Rolling Out

Carolyn J. Bermudez fuels Black excellence by leading a major utility company

Carolyn J. Bermudez fuels Black excellence by leading a major utility company
Photo courtesy of Carolyn J. Bermudez

Carolyn J. Bermudez was born and raised in South Carolina where she earned a bachelor’s degree in business administration from South Carolina State University. Bermudez is a strategic and accomplished energy leader with more than 30 years of natural gas utility experience in operations, financial analysis, regulatory affairs, customer relations and system integrations. Today, Bermudez is the president of Georgia operations at Liberty Utilities, an investor-owned, regulated natural gas utility headquartered in Columbus, Georgia. In her role with Liberty, Bermudez serves approximately 55,000 customers. 

As a Black woman, what do you consider your superpower to be? 

As a Black woman, I consider my superpower to be my mental and emotional strength. My strength is essential in managing my responsibilities as a wife, mother and president of a natural gas utility.

What thoughtful or encouraging piece of advice would you give to your younger self? 

My advice to my younger self would be to believe in [myself] and be comfortable being uncomfortable. 

Why is it important for women of color to work in leadership roles and decision-making capacities?

Without women in leadership roles that look like us, it is hard for young Black girls to see themselves in those roles. It’s critical to have someone who understands your life experiences, the challenges you must overcome in the workplace and provide guidance and support as someone who has successfully navigated rough waters.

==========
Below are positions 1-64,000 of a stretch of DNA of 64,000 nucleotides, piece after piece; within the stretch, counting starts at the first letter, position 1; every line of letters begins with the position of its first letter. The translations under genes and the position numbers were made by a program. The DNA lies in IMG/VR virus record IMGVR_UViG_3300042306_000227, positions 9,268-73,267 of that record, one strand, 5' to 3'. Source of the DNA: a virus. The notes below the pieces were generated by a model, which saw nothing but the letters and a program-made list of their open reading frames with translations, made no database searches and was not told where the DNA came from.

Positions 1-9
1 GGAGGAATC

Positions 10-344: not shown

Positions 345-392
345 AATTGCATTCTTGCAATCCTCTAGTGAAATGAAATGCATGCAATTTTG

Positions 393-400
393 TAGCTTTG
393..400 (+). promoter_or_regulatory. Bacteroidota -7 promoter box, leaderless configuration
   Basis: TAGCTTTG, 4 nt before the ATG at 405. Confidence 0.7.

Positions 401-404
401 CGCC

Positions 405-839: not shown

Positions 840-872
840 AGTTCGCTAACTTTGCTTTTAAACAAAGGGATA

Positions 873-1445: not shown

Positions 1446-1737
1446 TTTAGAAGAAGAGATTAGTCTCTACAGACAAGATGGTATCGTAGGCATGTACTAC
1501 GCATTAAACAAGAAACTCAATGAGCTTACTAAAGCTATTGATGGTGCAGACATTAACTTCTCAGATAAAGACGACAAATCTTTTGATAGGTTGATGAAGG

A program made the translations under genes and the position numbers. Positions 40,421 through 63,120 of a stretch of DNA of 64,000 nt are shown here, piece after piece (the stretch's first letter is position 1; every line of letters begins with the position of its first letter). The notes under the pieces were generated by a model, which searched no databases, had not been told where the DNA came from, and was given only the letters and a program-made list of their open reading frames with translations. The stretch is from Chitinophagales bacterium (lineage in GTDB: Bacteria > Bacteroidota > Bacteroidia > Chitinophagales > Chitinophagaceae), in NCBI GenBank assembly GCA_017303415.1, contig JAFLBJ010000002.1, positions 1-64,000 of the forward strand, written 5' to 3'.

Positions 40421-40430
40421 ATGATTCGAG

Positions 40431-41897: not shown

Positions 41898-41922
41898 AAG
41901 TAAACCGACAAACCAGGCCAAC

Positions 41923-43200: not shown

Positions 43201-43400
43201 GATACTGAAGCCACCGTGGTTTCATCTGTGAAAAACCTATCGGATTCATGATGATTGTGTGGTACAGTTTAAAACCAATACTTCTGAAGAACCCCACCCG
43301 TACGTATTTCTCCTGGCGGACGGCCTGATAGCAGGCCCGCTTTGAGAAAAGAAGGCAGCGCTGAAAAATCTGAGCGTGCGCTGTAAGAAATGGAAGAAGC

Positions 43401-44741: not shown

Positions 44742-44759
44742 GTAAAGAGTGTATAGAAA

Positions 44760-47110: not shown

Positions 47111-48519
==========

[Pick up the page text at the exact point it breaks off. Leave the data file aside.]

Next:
If you could thank any Black woman for her contributions to history and society, who would it be and why?

I would honestly thank my mom. She instilled in me my uncompromising integrity, my fortitude and the desire to be more.  My mother was determined I would attend college regardless of our financial resources. I remember my first day of orientation and not having enough money to settle my account. My mom, who at this point suffered from debilitating arthritis, proudly stood in line after line until she found the money I needed to stay in school, while her healthy daughter hid in the shadows too embarrassed and ashamed. I thank my mom because of who she was and what she gave.

As a successful woman in business, what is your proudest achievement? 

My first job in the natural gas industry was in 1987. When I started, there were no Black executives and only one woman. I did not see opportunities for me with the company but then I had a family, and priorities changed. I settled in and worked hard. I progressed to a manager and watched others less knowledgeable and qualified than myself move up to director and executive roles. My career changed when a Black executive, who forced me outside of my comfort zone, didn’t just challenge me, he demanded me to do more. It is because of his support and encouragement that I had my proudest achievement. I became the first [female] executive of operations at Southern Company Gas, leading the Florida City Gas natural gas utility.


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